Implications of Lopez Obrador’s Security Agenda

06/30/2018 (written by Lucy Clement La Rosa)-  On July 1, 2018, in one of the most unprecedented elections of its history, Mexico elected a new President. Andres Manuel Lopez Obrador, commonly known by his initials, AMLO, will be Mexico’s next President. Previously having run for president in 2006 and 2012, his victory, though groundbreaking, is not surprising. AMLO consistently led election polls in comparison to the other major party candidates, Ricardo Anaya and Jose Antonio Meade.

It goes without saying that 2018 will stand out in Mexico’s election history. For the first time ever, independent candidates were able to seek presidential nomination. In addition, aside from electing a new party candidate, Mexican citizens voted for over 18,000 elected positions. With 89 million eligible voters, the highest in Mexican history, election outcomes have the potential to markedly change Mexico’s political landscape. On that note, Lopez Obrador’s victory may significant influence on Mexico’s relationship with its northern neighbor, the United States. Even more so, however, Lopez Obrador’s proposed security agenda could have unique implications on Mexico’s current security.

Lopez Obrador’s Background

Born in Mexico’s state of Tabasco, Lopez Obrador went on to study political science and public administration at the National Autonomous University of Mexico (Universidad Autónoma de México, UNAM), Mexico’s largest public university. Lopez Obrador’s political experience is rooted in Mexico’s long standing political party, the Institutional Revolutionary Party (Partido Revolucionario Institucional, PRI). In 1976, he actively supported and campaigned on behalf of PRI Senate Candidate, Carlos Pellicer.

Lopez Obrador left the party in 1988 to join the National Democratic Front (Frente Democrático Nacional, FDN), a dissident left-wing coalition assembled to challenge the hegemonic rule of the PRI. That same year, Lopez Obrador ran as opposition for Tabasco’s governorship. Although he lost, he ultimately became the president of the Party of the Democratic Revolution, a center-left party founded from the remnants of the FDN. Lopez Obrador served as PRD president from 1996 to 1999.

Throughout his tenure, Lopez Obrador continued to build his political stature, including campaigning for indigenous rights, and organizing protests against Mexico’s behemoth energy company, Mexican Petroleum (Petróleos Mexicanos, PEMEX), and PRI corruption. In 2000, he was elected as Mexico City’s mayor. His time in office was considered to be generally successful as his administration significantly improved Mexico City’s infrastructure, including remodeling the historic metropolitan center, expanding highways and improving public transportation with the introduction of Metrobus, a public transit system.

Lopez Obrador resigned from his mayoral position in order to seek presidential nomination for the PRD for the 2006 Presidential elections. Although he led the majority of the election polls, National Action Party (Partido Acción Nacional, PAN) candidate, Felipe Calderon, edged ahead by less than one percent.  Lopez Obrador protested the election results, demanding a recount and even held a public “inauguration” declaring himself the legitimate president of Mexico. Lopez Obrador ran again for president in 2012, once again falling short and alleging election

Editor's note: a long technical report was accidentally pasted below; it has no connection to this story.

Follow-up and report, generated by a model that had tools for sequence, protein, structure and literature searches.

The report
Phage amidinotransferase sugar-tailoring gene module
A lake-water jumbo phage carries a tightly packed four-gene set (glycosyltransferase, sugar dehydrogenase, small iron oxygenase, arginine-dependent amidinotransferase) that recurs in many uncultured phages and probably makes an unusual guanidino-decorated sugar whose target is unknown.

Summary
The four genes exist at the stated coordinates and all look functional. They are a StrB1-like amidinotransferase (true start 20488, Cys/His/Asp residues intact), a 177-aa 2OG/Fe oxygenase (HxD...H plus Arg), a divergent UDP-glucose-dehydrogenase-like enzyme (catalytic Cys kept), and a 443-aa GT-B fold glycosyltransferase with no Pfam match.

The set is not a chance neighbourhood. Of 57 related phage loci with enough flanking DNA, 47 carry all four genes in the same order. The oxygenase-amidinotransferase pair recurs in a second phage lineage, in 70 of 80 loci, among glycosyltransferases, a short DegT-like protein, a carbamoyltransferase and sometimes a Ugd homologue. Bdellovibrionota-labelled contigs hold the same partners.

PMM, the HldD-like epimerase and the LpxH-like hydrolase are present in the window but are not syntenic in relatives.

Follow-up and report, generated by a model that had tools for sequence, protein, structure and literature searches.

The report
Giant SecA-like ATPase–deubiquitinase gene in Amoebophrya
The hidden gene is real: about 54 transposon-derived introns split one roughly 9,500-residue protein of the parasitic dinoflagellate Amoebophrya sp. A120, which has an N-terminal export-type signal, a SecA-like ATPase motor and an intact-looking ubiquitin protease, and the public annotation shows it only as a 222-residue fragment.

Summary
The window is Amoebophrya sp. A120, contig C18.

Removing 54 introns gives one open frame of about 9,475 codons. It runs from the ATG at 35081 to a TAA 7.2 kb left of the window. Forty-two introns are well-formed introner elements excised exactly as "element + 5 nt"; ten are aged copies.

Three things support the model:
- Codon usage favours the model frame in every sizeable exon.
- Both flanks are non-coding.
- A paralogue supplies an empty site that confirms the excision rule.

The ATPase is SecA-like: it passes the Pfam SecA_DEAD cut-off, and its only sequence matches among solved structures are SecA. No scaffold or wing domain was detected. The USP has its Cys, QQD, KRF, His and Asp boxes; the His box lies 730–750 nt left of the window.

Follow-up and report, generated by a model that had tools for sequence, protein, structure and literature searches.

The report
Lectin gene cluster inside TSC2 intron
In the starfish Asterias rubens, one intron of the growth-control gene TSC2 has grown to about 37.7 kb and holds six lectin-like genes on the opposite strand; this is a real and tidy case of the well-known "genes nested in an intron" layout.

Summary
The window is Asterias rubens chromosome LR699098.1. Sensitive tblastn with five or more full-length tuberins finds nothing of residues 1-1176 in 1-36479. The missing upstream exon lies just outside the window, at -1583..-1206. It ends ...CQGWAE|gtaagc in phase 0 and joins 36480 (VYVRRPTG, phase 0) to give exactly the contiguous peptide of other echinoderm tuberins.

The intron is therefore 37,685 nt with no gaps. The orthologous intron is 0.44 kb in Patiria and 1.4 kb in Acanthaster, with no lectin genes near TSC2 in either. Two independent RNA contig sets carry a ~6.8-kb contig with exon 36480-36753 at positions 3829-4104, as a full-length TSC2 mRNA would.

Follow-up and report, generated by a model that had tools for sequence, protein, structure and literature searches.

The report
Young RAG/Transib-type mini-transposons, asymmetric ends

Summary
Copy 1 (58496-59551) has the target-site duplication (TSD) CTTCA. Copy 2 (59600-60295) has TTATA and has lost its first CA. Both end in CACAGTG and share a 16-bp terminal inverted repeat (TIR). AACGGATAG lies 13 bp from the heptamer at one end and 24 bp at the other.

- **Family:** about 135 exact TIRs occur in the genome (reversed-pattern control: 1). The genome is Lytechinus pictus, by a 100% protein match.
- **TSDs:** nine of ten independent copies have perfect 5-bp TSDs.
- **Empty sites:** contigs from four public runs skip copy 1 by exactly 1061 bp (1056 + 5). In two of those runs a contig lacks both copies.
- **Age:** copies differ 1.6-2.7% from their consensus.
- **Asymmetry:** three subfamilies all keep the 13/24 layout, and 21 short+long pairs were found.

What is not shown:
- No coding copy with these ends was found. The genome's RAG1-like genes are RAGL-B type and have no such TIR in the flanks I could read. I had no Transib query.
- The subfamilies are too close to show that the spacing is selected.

Supporters for Andres Manuel López Obrador. (Guillermo Arias, The New York Times)

Supporters for Andres Manuel López Obrador. (Guillermo Arias, The New York Times)

fraud.

Ultimately, Lopez Obrador stepped away from the PRD and founded his own political party in 2014, the National Regeneration Movement (Movimiento de Regeneración Nacional, MORENA).  In coalition with a left-wing Labor Party (Partido del Trabajo, PT), and right-wing Social Encounter Party (Partido Encuentro Social, PES), Lopez Obrador once again sought presidential candidacy in the 2018 elections.

A Revised Security Agenda  

Under the slogan, “Together we will make history (Juntos Haremos Historia),” Lopez Obrador successfully led a center-left campaign that captured over 50% of the vote with one of the highest election margins in Mexican political history. His firebrand promises to bring change to Mexico, resonated with many Mexican voters. Lopez Obrador emphasized his determination to uproot corruption across Mexico and address rampant issues of poverty and violence.

In particular, his rule of law and security-specific proposals include: creating a National School of Public Security to enforce a zero-tolerance policy on corruption among law enforcement, establish state-level entities and obligatory trainings to monitor and increase the professionalization of law enforcement officials across Mexico, target the socio-economic roots of organized crime to reduce the incentive of organized crime, reform the 19th Constitutional Article to allow for preemptive imprisonment for corruption crimes, and analyze the efficiency of the Judiciary Council and revise the structure of the federal judiciary, in particular the Supreme Court, accordingly.

One of Lopez Obrador’s most controversial security proposals includes amnesty legislation for the purpose of reducing cyclical patterns of socio-economic insecurity in Mexico. Following his election, Lopez Obrador held his first security cabinet meeting to further develop the parameters of this proposed legislation. According to Alfonso Durazo- Lopez Obrador’s selection for Secretary of Public Security, a newly reinstated position of state- amnesty would be key to the new administration’s security agenda.